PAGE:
Almost every town of any size in the United States, from the towers of New York through the Great Plains to the burning shoreline of California, has a Merrill Lynch office on the corner. The "retail" stockbroker is an understated but ever-present feature of the American landscape. So imagine the shock to the system when Americans woke up recently to find that this blue-blooded symbol of US capitalism had miscalculated so badly that it was being forced to declare an $8bn loss and reveal that its very existence as an independent financial house was threatened.
US consumers and households are becoming more used to surprises. The earthquake that began in America's trailer parks, where over- enthusiastic "realtors" - the equivalent of our sharp-suited estate agents - persuaded people to buy into the dream of home ownership, irrespective of their incomes, has spread further and wider than anyone could ever have anticipated. It has rocked financial markets around the world, sent America's housing market (along with cars, one of the two great pillars of US growth) grinding to a halt and propelled the construction industry into premature depression.
All attention is focused on the Federal Reserve, America's central bank. Like an outfielder in the World Series, it is seeking to catch the ball and throw it to base to save the game. It is rapidly reducing interest rates and pumping cash into the wholesale money markets, where banks lend to each other, in the hope that it can prevent the real economy of growth and jobs crashing to the ground.
Running the Federal Reserve, in the run up to an American election campaign, is a tricky business as the chairman, the bearded former Princeton academic Ben Bernanke, is learning. Jimmy Carter still blames the fierce squeeze on household incomes in 1979 for his loss of the White House to Ronald Reagan in 1980. George Bush Snr holds a grudge against his fellow Republican Alan Greenspan, the former Fed chairman, for keeping interest rates too high in 1992 and handing the election to Democrat Bill Clinton.
Now, once again, the White House and the economy are hanging in the balance at the same time. As the first tests of strength in Iowa and New Hampshire loom into view at the turn of the year, the big question is can the US avoid an election year recession? The candidates will be monitoring events closely. There will be no presidential or vice-presidential incumbent in the White House to take the blame for economic failure in 2008. But economic uncertainty has almost always favoured the opposition down the decades, dating back to Franklin D Roosevelt's election during the Great Depression.
Failure to halt the economic slide between now and November next year potentially could sound the death knell for the hopes of any Republican nominee (Iraq notwithstanding). This would be true even if it turns out to be the present frontrunner, the social and economic liberal, Rudolph Giuliani.
Commercial turbulence could be the ace in the hole for Democratic frontrunner Hillary Clinton, who in some polls is a commanding 33 percentage points ahead of her nearest competitor, Barack Obama. In large conservative swaths of the country, the Clinton name is still surrounded with dark suspicion and salacious gossip. Yet in the area of economic competence, the Clinton family reputation is unsullied. Bill Clinton's 1992 election slogan - "It is the economy, stupid" - was not just an empty gesture.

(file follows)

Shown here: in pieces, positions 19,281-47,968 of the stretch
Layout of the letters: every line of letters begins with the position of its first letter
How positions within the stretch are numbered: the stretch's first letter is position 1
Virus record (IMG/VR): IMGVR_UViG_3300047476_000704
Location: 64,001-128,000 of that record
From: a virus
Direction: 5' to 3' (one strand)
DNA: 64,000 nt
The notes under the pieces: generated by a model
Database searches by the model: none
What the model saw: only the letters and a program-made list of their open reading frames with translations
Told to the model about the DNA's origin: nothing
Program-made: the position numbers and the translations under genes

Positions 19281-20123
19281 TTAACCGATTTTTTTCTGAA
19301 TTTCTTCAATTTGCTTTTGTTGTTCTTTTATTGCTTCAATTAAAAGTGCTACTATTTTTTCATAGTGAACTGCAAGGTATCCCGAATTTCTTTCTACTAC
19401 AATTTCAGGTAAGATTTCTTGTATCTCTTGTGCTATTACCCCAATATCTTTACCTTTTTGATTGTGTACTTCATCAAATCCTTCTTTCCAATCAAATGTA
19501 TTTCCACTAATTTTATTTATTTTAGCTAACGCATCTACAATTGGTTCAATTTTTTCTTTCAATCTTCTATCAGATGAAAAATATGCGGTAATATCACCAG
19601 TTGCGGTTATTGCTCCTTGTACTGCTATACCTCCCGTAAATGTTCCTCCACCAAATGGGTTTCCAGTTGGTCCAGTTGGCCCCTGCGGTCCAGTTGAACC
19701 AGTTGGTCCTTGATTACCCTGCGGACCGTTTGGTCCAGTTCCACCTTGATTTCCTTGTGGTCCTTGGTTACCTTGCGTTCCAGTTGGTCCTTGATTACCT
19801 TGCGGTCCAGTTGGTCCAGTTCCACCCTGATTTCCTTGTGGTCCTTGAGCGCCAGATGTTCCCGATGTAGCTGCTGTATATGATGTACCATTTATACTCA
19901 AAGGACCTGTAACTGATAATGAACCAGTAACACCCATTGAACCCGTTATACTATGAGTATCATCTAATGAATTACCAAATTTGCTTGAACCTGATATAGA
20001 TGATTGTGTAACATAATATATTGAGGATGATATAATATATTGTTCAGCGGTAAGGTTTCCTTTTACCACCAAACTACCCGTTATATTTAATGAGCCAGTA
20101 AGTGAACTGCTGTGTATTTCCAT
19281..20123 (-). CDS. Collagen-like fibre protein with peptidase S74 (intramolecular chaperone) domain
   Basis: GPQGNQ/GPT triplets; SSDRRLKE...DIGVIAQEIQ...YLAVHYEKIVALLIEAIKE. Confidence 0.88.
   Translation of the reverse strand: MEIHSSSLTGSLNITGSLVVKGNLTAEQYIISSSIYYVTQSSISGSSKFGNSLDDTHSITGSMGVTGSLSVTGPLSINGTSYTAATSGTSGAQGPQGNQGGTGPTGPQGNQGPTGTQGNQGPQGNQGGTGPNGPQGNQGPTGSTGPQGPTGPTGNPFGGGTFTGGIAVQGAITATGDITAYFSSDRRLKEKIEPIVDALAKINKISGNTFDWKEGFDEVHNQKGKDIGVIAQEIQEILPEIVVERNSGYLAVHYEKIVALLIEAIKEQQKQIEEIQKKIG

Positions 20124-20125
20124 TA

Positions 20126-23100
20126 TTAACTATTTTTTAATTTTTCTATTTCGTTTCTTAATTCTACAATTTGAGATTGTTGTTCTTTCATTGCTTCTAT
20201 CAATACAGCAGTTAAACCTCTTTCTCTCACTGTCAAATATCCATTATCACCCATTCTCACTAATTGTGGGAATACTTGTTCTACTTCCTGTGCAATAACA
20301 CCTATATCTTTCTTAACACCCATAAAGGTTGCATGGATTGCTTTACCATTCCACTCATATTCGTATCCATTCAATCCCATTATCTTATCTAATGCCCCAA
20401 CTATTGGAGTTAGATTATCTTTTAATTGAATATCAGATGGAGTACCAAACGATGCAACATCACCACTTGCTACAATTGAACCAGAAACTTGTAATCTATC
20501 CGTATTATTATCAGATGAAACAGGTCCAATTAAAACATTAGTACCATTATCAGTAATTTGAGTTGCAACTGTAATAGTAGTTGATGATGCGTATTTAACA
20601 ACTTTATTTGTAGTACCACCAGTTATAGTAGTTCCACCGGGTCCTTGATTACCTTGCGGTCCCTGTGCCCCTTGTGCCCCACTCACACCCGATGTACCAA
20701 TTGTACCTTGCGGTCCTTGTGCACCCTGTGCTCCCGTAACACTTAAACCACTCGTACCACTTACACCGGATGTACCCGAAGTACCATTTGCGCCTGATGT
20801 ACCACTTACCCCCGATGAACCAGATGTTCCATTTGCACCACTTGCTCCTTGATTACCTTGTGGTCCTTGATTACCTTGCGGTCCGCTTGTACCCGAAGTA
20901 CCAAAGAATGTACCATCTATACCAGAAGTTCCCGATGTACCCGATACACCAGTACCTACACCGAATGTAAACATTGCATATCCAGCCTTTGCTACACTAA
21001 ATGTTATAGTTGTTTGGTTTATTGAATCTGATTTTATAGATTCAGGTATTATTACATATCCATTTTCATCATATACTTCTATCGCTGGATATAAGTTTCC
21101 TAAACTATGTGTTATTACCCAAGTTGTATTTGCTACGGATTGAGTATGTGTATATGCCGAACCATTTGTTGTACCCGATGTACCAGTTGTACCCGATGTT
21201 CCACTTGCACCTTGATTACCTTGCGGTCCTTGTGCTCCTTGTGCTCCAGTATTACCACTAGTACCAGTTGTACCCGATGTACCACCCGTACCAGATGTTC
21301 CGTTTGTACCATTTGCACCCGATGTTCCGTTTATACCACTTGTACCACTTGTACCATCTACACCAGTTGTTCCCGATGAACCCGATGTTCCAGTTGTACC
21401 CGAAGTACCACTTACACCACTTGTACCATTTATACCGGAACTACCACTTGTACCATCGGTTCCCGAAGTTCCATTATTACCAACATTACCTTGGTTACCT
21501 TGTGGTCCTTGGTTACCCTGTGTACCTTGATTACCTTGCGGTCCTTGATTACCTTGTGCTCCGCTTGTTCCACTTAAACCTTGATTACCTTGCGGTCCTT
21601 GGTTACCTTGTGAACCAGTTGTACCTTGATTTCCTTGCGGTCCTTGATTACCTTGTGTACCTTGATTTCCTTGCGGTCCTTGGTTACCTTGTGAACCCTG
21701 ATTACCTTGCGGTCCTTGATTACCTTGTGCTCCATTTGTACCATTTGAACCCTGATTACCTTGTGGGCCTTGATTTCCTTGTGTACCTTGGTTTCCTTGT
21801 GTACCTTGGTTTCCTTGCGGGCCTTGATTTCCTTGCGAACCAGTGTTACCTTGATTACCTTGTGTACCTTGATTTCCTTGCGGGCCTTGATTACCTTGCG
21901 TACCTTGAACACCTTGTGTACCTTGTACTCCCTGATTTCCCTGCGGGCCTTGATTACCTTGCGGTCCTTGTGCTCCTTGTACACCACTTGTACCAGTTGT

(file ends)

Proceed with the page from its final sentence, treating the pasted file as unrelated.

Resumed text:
As Greenspan recalls in his memoir, The Age of Turbulence, Bill Clinton understood the need to keep budgets close to balance if long-term interest rates were to be kept low and stability and growth maintained.
An endorsement from Greenspan is as good as it gets and Hillary must count on some of the Bill glow reflecting on her in hard economic times.
So how bad is it going to be for the American economy? Clearly, the crisis in the housing market will be key. The ridiculous lending practices of the past few years, particularly in fast-growth southern and western states, is now reaping a bitter harvest. Payments on an estimated 5 per cent of all mortgages and 15 per cent of sub-prime mortgages (the low quality loans to people who can barely afford them) are already delinquent. Whereas in Britain foreclosure and repossession is a relatively calm and careful process, in the US it can be brutal, with the bailiffs ruthlessly seizing assets. RealTrac, which monitors this process, reckons that up to 1.5 million homes will go through the process this year. In parts of the US, notably Florida and the counties east of Los Angeles, the market is already being flooded with repossessed properties. This surplus means that new housebuilding is grinding to a halt as prices in parts of the country plummet. In its just published World Economic Outlook report, the International Monetary Fund notes that "the correction in the US housing sector has now been underway for two years and has been a major drag on activity". It calculates that thus far it has wiped 1 per cent off American growth and reckons that there is much more to come. As well as the direct impact on construction, residential homes are key to consumption. When house prices are stable and rising, the consumer feels more confident and better off - the "wealth effect". Take that away and consumer confidence tumbles.